Keywords: regional development, FDI, international integration, China
    JEL: J24 O14 O18 O33 O40
    Date: 2008–08
  2. By: Irina Jormanainen (Department of International Business, Helsinki School of Economics.); Rajneesh Narula (School of Management, University of Reading)
    Abstract: Despite a well-developed science and technology base and considerable industrial capacity during the soviet era, Russia has largely failed to create a competitive industrial sector despite two decades of transition. This paper seeks to understand why Russia has not succeeded despite having relatively favourable initial conditions. We develop an understanding of its innovation system and the interplay between the firm and the nonfirm sector. We argue that – in any economy - when political and economic regimes were rapidly reformed, there is considerable structural inertia associated with complex interdependencies between the state, domestic firms and the formal and informal institutions that bind them together. In the case of Russia, this inertia has resulted in a system-wide lock-in, and industrial enterprises continued to engage in routines that generated a suboptimal outcome. Market forces did not result in the western-style innovation system, but a hybrid one, with numerous features of the soviet system. A significant segment of industry maintains a Soviet-style dependence on ‘top-down’ supply-driven allocation of resources and a reliance on external (but domestic) network of sources for innovation and capital. At the same time, ‘new’ firms and industries have also evolved which undertake their own R&D, and utilise foreign sources of capital and technology, and at least partly determine their production and innovative activities on the basis on market forces.
    Keywords: innovation systems, R&D, Russia, inertia, institutions, lock-in, transition, competitiveness
    Date: 2008
  3. By: Enzo Weber; Yanqun Zhang
    Abstract: The Chinese stock market features an interesting history of divided market segments: domestic (A), foreigners' (B) and overseas (H). This puts forth questions of market integration as well as cross-divisional information transmission. We address these issues in a structural DCC framework, an econometric technique capable of identifying common factor in uences from (bi-directional) spillovers as constituents of contemporaneous correlations. We find initial dominance of transmission from A to B and to a lesser extent from H to B and A to H. However, since the opening of the B-market for Chinese citizens in 2001, common factors have largely replaced direct spillovers.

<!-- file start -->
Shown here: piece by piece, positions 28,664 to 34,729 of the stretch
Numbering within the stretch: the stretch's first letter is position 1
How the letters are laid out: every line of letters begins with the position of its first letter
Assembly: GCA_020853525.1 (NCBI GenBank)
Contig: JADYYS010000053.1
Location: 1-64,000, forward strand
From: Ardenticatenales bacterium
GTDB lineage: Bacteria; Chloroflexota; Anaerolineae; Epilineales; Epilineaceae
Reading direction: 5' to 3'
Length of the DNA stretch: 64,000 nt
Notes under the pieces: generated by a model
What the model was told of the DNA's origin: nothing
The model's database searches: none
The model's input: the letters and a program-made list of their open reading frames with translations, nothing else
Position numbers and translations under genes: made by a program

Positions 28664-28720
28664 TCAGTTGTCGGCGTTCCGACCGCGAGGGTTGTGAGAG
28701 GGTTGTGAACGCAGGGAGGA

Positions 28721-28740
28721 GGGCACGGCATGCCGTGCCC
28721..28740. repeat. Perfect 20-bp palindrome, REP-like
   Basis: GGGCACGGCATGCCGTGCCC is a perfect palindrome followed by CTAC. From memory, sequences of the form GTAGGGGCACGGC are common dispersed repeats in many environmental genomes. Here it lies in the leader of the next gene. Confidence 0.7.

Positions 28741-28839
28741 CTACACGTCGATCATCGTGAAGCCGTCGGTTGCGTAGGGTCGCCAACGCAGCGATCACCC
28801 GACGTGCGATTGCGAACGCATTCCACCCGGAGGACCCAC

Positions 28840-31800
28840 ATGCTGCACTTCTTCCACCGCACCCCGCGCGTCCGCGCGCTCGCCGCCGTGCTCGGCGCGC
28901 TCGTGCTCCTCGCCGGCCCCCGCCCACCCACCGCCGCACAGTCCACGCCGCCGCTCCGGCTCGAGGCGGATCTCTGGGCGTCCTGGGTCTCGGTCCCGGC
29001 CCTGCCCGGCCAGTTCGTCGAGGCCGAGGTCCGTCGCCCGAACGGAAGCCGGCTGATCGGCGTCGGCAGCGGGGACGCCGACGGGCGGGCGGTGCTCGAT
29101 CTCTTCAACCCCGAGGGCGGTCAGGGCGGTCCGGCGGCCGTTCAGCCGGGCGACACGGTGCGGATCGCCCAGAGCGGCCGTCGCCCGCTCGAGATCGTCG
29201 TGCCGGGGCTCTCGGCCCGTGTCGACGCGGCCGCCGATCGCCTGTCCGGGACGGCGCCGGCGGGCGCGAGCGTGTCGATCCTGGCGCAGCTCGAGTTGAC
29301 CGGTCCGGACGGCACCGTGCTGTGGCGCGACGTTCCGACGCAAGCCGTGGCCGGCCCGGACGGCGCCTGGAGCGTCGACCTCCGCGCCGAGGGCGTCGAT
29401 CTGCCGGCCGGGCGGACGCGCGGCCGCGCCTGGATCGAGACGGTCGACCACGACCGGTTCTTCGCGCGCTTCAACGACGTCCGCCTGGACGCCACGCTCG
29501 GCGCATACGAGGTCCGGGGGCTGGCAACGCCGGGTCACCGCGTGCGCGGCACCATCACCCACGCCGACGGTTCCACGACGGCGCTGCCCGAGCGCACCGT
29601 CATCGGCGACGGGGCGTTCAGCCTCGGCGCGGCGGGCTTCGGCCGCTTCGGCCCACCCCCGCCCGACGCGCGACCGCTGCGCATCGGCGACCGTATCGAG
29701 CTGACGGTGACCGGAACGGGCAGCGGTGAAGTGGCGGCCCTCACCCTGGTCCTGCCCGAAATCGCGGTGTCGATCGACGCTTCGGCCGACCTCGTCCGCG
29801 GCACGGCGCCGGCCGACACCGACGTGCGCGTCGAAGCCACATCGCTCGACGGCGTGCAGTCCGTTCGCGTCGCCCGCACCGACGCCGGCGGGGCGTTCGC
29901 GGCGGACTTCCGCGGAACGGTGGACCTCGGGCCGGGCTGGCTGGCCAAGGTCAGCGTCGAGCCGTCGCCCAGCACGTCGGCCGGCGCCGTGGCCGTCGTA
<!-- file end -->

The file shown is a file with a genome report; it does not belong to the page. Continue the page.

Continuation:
Keywords: China, Stock Market, Integration, Causality, Correlation
    JEL: C32 G10
    Date: 2008–12
  4. By: Valeria Rolli (Banca d'Italia)
    Abstract: Since the mid-nineties international financial integration has advanced gradually in the emerging areas of Asia, while it has progressed rapidly in Central and Eastern Europe. This process has helped provide long-term benefits for the economies of the two regions in terms of faster productivity growth and deepening of domestic financial markets. The strong surge of international capital inflows since the early years of the current decade has, however, also potentially increased the financial vulnerability and the external sources of contagion for a number of countries, particularly those in Central and Eastern Europe that have seen a significant increase in their foreign borrowing, and also those with still relatively underdeveloped financial systems. We thus analyze the risks of financial instability and asset bubbles in the emerging economies of the two regions, taking into account the degree of development of their domestic financial systems. We conclude by discussing possible policy responses to these challenges by the monetary authorities of the concerned countries.